In the Starting Gate, Gephardt and Kerry Are the Early Favorites
With the Iowa Caucuses “only” a little more than a year away, the race for the Democratic nomination is already under way. Does anybody really have an edge?
Former Vice President Al Gore’s exit leaves a field that now seems unable to match President Bush in terms of stature. But sitting presidents usually tower above potential foes at the outset of a campaign, and the race for the Democratic nomination will eventually produce a nominee whose chances will depend more on the president’s standing in the fall of 2004 than on the initial makeup of the party’s field.
[IMGCAP(1)] Without Gore in the race, Democrats don’t have a true frontrunner. But that doesn’t mean all the Democrats start out with the same chance.
Connecticut Sen. Joe Lieberman has plenty of name identification from his 2000 vice presidential bid, and his folksy style will appeal to voters who are looking for authenticity rather than slickness. And, of course, his base in the Jewish community is an asset.
But it’s one thing to be a vice presidential running mate and another thing to be a party’s standard-bearer. Lieberman complemented Gore well, but can he stand on his own? If I were casting a movie of my life, I might choose Lieberman as my funny but thoughtful Jewish uncle, the man who offers sage advice packaged in corny sayings. But does he have the charisma to excite Democratic activists and rank-and-file voters? Since he appears likely to run, we will see.
Outgoing Vermont Gov. Howard Dean is widely described as articulate, smart and ambitious — all good qualities for a presidential wannabe. But in a field with little national name recognition he stands head and shoulders above everyone else in terms of anonymity. Perhaps more importantly, can Dean really raise enough money to run a credible race? And given the problems governors have been having over the past year or so, will his record be an unabashed asset?
[IMGCAP(2)] North Carolina Sen. John Edwards begins with a number of assets and a huge question mark. He’s a skilled orator, has incredible charisma (especially in small groups) and is a trial lawyer, a small but influential community that plays an important role in the Democratic Party. He’s from the South and can make a strong argument about regional appeal and electability. He’s ambitious, and he is attracting plenty of talented political operatives.
But if Edwards’ assets mean that he is qualified to be a candidate for the Democratic nomination for president, he could have trouble convincing voters that he is ready to be the president of the United States. At a time when national and domestic security issues are so important, are Democratic primary voters prepared to imagine him as commander in chief? And might some voters see an uncomfortable similarity (in style and geography, not personal private behavior) between Edwards and former President Bill Clinton?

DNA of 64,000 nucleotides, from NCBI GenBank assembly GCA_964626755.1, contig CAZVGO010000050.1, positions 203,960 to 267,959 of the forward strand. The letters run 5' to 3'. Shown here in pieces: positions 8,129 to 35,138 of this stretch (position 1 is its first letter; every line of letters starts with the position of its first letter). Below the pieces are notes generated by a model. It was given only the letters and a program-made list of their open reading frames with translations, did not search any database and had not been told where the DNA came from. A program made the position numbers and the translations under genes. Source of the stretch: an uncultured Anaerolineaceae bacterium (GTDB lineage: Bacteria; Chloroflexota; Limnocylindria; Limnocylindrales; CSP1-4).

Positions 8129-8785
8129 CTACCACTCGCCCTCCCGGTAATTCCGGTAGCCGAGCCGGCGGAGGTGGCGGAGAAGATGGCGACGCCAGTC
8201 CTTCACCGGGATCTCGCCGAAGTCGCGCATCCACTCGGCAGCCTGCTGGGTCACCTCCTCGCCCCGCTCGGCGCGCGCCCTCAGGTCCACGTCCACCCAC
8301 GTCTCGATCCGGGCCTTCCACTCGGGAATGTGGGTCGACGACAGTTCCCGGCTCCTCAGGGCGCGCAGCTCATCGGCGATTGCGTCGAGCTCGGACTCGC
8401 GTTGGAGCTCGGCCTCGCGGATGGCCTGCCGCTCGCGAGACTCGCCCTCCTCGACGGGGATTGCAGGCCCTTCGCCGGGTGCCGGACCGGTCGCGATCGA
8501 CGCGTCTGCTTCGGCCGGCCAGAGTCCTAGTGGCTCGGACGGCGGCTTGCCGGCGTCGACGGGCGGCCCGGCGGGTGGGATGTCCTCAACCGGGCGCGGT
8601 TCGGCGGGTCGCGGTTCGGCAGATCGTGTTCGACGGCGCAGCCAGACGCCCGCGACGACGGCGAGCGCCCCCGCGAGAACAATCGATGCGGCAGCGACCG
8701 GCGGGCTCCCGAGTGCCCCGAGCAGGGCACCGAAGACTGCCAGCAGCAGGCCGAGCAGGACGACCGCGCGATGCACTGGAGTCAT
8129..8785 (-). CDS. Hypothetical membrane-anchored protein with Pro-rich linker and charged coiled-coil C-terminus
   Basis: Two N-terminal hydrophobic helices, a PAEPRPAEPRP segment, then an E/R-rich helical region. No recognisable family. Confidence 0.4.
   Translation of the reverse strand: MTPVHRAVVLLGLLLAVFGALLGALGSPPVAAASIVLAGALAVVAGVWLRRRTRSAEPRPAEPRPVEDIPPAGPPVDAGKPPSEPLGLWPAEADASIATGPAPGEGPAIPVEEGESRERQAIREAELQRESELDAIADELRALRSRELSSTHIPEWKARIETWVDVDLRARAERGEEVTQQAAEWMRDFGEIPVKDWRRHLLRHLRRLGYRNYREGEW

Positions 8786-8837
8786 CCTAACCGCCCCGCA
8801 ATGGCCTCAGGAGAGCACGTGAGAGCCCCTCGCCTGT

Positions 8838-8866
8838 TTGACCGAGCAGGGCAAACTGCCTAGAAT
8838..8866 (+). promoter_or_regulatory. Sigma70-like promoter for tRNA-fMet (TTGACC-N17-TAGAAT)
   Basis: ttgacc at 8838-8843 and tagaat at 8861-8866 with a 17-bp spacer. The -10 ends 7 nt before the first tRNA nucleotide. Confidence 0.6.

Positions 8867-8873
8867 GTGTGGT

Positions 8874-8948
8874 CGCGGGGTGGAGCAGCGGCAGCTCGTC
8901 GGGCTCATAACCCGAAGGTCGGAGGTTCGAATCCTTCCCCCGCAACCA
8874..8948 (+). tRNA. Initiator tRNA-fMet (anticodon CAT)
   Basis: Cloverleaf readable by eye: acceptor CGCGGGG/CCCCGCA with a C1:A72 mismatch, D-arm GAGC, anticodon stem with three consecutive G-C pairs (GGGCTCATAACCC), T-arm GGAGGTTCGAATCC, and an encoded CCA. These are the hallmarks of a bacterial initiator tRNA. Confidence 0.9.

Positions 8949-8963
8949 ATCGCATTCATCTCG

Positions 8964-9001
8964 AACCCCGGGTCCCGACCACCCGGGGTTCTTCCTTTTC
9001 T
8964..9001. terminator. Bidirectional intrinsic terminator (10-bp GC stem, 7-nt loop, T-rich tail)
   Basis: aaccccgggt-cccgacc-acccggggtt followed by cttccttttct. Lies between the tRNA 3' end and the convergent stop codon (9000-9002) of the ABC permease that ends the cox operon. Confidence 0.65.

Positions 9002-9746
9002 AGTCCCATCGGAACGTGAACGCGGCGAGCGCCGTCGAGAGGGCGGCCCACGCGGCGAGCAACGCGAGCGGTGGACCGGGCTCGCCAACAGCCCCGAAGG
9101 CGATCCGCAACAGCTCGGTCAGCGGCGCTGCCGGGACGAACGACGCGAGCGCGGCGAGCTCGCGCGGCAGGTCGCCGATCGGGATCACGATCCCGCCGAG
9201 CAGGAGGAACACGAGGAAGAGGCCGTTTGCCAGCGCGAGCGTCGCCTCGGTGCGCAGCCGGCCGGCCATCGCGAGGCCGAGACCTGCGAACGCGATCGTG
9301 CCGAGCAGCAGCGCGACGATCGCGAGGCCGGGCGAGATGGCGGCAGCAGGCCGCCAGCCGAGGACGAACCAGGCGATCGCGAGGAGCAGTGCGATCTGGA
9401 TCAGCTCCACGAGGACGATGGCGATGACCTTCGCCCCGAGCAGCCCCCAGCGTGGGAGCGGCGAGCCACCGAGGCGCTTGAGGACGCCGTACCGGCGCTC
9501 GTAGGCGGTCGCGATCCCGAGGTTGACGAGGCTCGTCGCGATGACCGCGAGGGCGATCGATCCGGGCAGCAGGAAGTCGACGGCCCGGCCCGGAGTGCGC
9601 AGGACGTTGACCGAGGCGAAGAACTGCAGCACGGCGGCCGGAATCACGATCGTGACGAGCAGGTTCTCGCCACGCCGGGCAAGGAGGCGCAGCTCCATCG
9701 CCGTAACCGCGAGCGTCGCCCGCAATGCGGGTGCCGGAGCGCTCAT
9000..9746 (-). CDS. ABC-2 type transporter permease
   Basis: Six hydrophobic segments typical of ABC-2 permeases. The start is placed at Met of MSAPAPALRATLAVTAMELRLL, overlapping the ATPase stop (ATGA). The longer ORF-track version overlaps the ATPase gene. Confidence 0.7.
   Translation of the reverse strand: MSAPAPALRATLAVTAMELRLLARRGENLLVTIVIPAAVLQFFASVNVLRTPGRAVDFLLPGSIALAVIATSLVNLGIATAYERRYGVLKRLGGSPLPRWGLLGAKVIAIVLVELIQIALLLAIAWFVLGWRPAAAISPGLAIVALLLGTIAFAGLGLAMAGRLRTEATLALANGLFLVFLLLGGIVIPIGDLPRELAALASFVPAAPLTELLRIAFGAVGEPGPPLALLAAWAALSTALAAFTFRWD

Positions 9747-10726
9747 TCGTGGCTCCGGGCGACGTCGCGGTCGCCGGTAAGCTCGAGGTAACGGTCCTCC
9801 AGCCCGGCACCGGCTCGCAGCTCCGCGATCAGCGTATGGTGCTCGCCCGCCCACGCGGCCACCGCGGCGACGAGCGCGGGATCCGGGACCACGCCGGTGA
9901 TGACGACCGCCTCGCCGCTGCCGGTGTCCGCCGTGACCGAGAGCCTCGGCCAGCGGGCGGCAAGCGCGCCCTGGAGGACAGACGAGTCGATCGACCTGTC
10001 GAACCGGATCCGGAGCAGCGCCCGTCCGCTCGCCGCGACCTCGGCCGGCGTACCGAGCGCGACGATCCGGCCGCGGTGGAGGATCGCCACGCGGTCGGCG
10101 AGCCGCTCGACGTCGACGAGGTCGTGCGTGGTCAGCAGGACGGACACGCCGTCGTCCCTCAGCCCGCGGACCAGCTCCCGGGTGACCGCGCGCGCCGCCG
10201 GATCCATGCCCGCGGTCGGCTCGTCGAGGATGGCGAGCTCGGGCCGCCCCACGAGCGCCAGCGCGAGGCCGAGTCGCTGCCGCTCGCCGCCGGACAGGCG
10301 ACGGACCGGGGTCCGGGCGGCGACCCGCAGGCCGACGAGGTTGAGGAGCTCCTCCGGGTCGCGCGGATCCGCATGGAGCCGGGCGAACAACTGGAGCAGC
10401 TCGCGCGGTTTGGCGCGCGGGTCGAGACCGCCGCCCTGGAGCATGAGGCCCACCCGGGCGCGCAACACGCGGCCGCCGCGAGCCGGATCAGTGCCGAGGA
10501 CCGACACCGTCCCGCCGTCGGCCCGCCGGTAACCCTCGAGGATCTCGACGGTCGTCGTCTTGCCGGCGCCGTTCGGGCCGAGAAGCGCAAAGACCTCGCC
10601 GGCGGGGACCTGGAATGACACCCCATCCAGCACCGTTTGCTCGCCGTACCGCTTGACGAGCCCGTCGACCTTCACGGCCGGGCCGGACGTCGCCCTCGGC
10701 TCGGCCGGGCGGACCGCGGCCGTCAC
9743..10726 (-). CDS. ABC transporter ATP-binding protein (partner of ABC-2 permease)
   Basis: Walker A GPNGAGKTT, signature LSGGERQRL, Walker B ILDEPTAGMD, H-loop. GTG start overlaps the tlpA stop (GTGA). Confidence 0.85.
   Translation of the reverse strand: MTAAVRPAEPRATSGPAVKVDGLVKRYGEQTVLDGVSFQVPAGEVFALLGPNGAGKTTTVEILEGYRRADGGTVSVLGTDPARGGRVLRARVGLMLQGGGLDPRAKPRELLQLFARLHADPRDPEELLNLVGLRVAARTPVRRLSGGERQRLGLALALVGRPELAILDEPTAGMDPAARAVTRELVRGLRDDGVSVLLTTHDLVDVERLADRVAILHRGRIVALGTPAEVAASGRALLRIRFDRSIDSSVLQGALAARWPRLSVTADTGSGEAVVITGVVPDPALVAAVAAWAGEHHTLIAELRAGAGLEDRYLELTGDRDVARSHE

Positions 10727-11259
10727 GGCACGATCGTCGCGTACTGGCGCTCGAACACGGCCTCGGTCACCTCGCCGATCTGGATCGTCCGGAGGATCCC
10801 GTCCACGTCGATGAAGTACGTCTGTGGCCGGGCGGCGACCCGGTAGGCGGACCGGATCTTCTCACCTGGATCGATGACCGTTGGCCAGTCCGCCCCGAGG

That leaves two Democrats as my initial frontrunners by default: former House Minority Leader Richard Gephardt (Mo.) and Sen. John Kerry (Mass.).
With demonstrated strength in Iowa, a history of strong support from organized labor, the benefit of years of developing and working national Democratic contacts, demonstrated self-discipline and a team of veteran operatives, Gephardt has enough advantages to make him a co-frontrunner.
But with Gore out of the race, Gephardt also becomes the retread of the field. Will Democratic voters turn to an ultimate political insider who ran for his party’s nomination back in 1988? Or will they want a fresher face, or someone with more pizzazz?
Kerry is a strong media candidate who demonstrated his smarts and debate skills when challenged by former Gov. Bill Weld (R). With a geographic advantage in New Hampshire, military service in Vietnam, a background in national security issues and a strong political team, Kerry has the background and personal skills to appeal to Democratic voters.
But will working-class, rank-and-file Democrats find Kerry’s Brahmin bearing and cool personal style appealing enough, or will they have a hard time “connecting” with him? And will they hesitate to nominate another Massachusetts liberal?
Other Democrats who are also considering bids, such as Gen. Wesley Clark, Florida Sen. Bob Graham and South Dakota Sen. Thomas Daschle, could change the dynamics of the race — and the early handicapping.
Daschle, with a Midwest base and a national reputation, would be a formidable candidate if he truly feels a passion about running for the nomination. And Graham’s Florida base and reputation for self-discipline would make him an interesting contender.
Finally, there is Al Sharpton, another potential candidate. Unable to win his party’s nomination, Sharpton could have an impact on the true contenders.
Like the 1992 Democratic contest, the 2004 race truly starts with no clear frontrunner and no early favorite. That will make it all the more interesting to watch.